Published on September 17th, 20131
Eight ‘Facts’ That Won’t Answer This: Is Vemma a Pyramid Scheme?
Arizona-based Vemma Nutrition Company and its supporters go to great lengths to discuss why it is not an illegal pyramid scheme. But the only relevant issue in determining whether a company is a pyramid scheme is how the company’s reward system works.
Pyramid schemes primarily compensate participants for the recruitment and enrollment of other participants, and not for retail sales to individuals who are wholly unconnected to the company. The following “facts” touted by Vemma don’t answer that key question and therefore should NOT be considered in making the determination.
- Endorsements: Mother Teresa, Chuck Norris, Martin Luther King, and yes, even Dr. Oz – it doesn’t matter who endorses Vemma, it can still be a pyramid scheme. (Oh, and by the way, Dr. Oz was “paid” to endorse Vemma. And just joking about the others; they never endorsed Vemma.)
- Revenue: It doesn’t matter whether Vemma is making $20 million a month in sales or a gazillion dollars – it can still be a pyramid scheme.
- Product: Even if the company has something to sell, a real product, it can still be a pyramid scheme. And even if it has a healthy product – Vemma contends Verve is a healthy energy drink, which it’s not –the company can still be a pyramid scheme. The determination centers on how distributors are compensated, not on whether a company has a product to sell.
- Sponsorships: Paying an NBA team — such as the Phoenix Suns, or any professional team for that matter — for a sponsorship is not evidence that Vemma is not a pyramid scheme. If a dozen NBA lawyers did do an analysis of Vemma as the company claimed and determined it wasn’t a pyramid scheme then that might indeed be something. BUT contrary to what Vemma’s CEO said in one of his many videos, the NBA flatly denies that any analysis of Vemma’s business structure was ever undertaken.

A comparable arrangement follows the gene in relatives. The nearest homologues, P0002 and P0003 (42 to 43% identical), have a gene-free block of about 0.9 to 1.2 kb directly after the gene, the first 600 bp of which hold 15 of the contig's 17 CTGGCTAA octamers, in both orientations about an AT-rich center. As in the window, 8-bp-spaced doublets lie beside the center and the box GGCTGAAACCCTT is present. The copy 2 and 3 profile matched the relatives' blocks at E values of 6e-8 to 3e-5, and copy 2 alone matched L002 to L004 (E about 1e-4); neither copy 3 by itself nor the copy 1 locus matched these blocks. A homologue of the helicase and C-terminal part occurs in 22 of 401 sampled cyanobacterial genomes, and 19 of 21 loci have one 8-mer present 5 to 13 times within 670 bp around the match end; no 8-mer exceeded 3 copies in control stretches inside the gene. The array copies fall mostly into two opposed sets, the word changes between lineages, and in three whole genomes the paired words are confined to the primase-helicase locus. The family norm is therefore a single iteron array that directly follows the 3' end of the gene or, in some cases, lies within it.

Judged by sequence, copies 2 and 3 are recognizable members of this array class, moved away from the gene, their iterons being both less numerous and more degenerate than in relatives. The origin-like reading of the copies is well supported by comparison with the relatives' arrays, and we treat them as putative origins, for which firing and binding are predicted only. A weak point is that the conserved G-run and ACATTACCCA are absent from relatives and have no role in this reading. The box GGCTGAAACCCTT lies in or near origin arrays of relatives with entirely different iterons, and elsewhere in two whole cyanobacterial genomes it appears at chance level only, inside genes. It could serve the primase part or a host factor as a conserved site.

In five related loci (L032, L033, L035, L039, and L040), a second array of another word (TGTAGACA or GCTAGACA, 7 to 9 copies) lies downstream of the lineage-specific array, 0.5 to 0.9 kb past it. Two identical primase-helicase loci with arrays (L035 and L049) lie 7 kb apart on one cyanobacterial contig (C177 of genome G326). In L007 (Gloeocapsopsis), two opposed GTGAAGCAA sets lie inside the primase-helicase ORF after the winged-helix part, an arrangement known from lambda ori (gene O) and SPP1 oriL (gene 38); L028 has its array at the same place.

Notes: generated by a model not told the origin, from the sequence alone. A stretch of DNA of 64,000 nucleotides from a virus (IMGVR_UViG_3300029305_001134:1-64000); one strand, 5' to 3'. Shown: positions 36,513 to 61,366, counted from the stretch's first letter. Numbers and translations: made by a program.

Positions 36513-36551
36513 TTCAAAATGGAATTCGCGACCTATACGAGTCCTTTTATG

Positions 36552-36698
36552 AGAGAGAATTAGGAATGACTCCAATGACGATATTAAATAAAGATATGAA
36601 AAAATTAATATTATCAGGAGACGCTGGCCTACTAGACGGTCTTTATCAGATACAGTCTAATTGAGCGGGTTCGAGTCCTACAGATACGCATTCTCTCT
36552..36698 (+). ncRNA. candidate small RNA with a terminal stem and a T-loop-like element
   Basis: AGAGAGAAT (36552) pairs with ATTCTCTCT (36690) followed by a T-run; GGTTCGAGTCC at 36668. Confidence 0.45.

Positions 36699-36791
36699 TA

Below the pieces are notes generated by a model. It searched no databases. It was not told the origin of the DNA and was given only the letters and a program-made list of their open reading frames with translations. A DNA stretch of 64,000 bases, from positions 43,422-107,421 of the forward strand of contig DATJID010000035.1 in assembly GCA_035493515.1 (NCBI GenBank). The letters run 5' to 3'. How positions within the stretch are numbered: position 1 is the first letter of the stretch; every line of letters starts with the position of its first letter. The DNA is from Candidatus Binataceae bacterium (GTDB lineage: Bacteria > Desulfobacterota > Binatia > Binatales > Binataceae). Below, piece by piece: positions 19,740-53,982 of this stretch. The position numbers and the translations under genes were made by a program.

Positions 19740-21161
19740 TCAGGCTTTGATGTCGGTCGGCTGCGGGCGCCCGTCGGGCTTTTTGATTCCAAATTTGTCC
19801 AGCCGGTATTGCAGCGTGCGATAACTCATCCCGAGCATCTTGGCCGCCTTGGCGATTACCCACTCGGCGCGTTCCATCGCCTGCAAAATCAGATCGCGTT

- What the CEO says: Vemma’s CEO Benson K. Boreyko is NOT an expert in what is and is not a pyramid scheme. This fact is clearly evident from his continual misstatements in attempting to define a pyramid scheme. In a recent video, he says the company isn’t a pyramid scheme because “we sell a real product here that provides real results…We are not selling air.” Ok, but see Reason 3. And because the CEO is not an expert, his opinion is irrelevant as to whether Vemma is or is not a pyramid scheme.
- Marketing Budget: Vemma contends that instead of directing its marketing budget to advertisers as traditional companies do to make the public aware of its products, it spreads the word through distributors, known as Brand Partners. But even if its entire marketing budget is directed to Brand Partners, Vemma can still be a pyramid scheme.
- Compensation: Even if some Brand Partners may earn more in bonuses than the people above them, Vemma can still be a pyramid scheme.
- Longevity: It doesn’t matter how long a company has been in business. Vemma, which began in 2004, may be almost a decade old but age is irrelevant. Just look at Bernard Madoff’s asset management business that was found to be a Ponzi Scheme. Started in the 1980s, it is said to be one the longest and biggest frauds on Wall Street.
So given all these irrelevant facts, what facts are relevant in determining whether an organization is a pyramid scheme? So glad you asked. Learn some of the differences between multi-level marketing companies and pyramid schemes.
This story was updated on 9/25/2013 with an additional fact point.
Vemma Nutrition Company is a privately held multi-level marketing company that sells energy drinks, nutritional beverages and weight management products. Vemma, which calls itself an affiliate marketing company, is based in Tempe, Arizona. It was founded in 2004 by Benson K. Boreyko and his sisters. Vemma is an acronym for vitamins, essential minerals, mangosteen and aloe.
An inherently deceptive form of multi-level marketing where participants are told they’ll get paid for recruiting other participants, and not necessarily for selling products or services. Typically, participants must pay some sort of initial investment in order to join, and will then earn a commission for each participant they recruit. Unfortunately for the unsuspecting consumers, pyramid schemes are doomed to collapse because the number of potential participants is limited.
A fraudulent investment operation that tricks investors into thinking that they will earn lots of money on a short-term investment, when, in reality, there isn’t any investment opportunity at all. Rather, the promoter just uses the money from new recruits to pay off the older investors. In other words, stealing from Peter to give to Paul.